As joyful as those first few weeks are with your little newborn, mastitis is a common hurdle for breastfeeding. Mothers, especially first time mums, are often under the impression that breastfeeding is natural and comes very easily. Whilst this is so for some mums, others can have great difficulty in the first few days and weeks. If you are having issues with feeding and/or and would like to continue breastfeeding it is essential to seek help from a qualified health professional.

What is mastitis?

Mastitis is inflammation of the breast that can be caused by an obstruction or blocked milk duct, which may or may not cause infection. If you can recognise a blocked milk duct, which usually feels like a little lump which may or may not be painful, you can often avoid mastitis with early action. If you miss the early signs, the most common symptoms they start to feel are like the start of the flu: body aches and shivers. The breast becomes sore, red, swollen and hot and the mum will start to feel unwell.

What can you do if you develop mastitis or early signs of mastitis?

  1. Continue feeding! This is really important. The more the breast is drained the faster it will heal.
  2. Change feeding positions to help drain the blockage.
  3. Warmth prior to feeding to soften the nipple and make it easier for the baby to latch.
  4. Ensure correct and good latch.
  5. Avoid any pressure on the breast during feeding.
  6. Ice after feeding to decrease the inflammation.
  7. Ensure your clothing, especially your bra, is not too tight.
  8. Gently massage (ensure you are taught the correct technique as the incorrect technique can make the mastitis worse).
  9. Seek treatment ASAP.

What do physiotherapists do for mastitis?

  1. We will educate you about all of the above points and advise you correctly.
  2. Ultrasound therapy.
  3. Massage.
  4. Other treatments including taping and teaching self-massage techniques.
  5. Education on how to prevent further episodes of mastitis and what to do in the case of a blocked milk duct.

Breastfeeding can be wonderful for mother and baby and has so many health benefits. We will do our very best to encourage you to continue breastfeeding and help you through the mastitis episode so feeding becomes a pleasurable experience once again.

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Larry is a highly skilled physiotherapist who specialises in treating back and neck pain, postural issues and scoliosis. He is certified in Schroth and SEAS methods and through the Egoscue University. Larry has a background in elite gymnastics and springboard diving and also has many years experience in endurance running and triathlons. His specialist knowledge and techniques have seen him appointed as a gymnastics coach and physiotherapist at both the Olympics Games and Special Olympics.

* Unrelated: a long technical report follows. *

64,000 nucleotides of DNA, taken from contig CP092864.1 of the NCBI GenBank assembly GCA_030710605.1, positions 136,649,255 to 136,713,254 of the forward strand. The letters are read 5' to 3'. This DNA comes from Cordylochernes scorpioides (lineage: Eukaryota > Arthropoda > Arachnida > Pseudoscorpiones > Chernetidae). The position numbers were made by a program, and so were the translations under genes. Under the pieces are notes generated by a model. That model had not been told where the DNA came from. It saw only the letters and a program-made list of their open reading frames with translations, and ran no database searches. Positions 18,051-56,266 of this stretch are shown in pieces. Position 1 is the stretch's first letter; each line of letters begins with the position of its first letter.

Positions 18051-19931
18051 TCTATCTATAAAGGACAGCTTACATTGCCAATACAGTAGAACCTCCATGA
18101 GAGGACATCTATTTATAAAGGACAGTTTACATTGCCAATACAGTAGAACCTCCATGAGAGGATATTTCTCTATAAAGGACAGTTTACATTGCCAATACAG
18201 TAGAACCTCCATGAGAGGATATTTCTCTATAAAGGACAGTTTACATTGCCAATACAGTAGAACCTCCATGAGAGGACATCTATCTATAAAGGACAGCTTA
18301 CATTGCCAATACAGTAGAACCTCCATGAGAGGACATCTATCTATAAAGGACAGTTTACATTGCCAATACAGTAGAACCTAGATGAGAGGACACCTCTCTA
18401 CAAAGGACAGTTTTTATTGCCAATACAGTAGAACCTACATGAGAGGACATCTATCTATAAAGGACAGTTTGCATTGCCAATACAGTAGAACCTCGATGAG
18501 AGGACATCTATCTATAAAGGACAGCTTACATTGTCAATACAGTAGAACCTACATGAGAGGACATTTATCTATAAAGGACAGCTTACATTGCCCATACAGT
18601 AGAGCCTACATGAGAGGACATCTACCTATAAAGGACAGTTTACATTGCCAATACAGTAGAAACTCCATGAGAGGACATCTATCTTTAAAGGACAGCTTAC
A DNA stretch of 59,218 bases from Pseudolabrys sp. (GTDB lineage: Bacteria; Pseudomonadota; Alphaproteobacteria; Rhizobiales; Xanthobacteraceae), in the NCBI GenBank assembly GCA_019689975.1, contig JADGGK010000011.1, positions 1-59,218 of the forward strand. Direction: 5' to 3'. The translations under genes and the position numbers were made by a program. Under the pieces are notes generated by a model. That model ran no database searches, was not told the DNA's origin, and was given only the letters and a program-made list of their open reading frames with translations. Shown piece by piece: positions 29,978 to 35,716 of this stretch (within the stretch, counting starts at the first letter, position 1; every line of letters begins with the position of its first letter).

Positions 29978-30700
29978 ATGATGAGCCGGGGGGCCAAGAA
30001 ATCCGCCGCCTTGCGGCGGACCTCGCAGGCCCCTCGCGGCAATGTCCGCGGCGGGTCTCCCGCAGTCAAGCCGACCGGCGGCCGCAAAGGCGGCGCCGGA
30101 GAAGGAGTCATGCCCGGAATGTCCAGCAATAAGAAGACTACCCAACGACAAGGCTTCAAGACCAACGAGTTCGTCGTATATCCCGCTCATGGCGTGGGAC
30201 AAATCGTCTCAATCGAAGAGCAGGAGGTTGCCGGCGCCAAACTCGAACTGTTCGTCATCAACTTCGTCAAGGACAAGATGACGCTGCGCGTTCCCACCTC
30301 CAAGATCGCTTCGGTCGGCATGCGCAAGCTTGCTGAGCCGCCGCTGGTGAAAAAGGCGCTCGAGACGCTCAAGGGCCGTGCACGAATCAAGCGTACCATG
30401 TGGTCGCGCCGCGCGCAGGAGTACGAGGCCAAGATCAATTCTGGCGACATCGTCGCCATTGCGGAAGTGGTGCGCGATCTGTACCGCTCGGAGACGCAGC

His passion and driving philosophy is about achieving the best outcomes for his patients utilising an amalgam of the latest techniques and theories while recognising there may sometimes be a need for invasive procedures. Where deemed appropriate Larry will then refer to a specialist. To further his holistic understanding and approach, Larry is currently undertaking a Ph.D. in Spinal Deformity and regularly attends and speaks at international conferences and courses and clinics.

Fun fact: Larry is learning how to surf - so be careful next time you go to the beach! Qualifications: B.Sc (Physiotherapy); M.Sc. (Exercise Physiology); Advanced Certificates in Schroth (BSPTS) and Egoscue (PAS) and SEAS Larry is Level II certified (advanced) in the conservative treatment of Scoliosis based on the Schroth method. The training was conducted by Dr Manuel Rigo of the Barcelona School at Scoliosis Rehab Inc in Wisconsin. He has completed his SEAS scoliosis treatment training at ISICO in Milan. Larry has also spent time working with Dr Rigo in the Barcelona clinic. Larry also has advanced certificates in shoulder treatment, posture alignment therapy and acupuncture.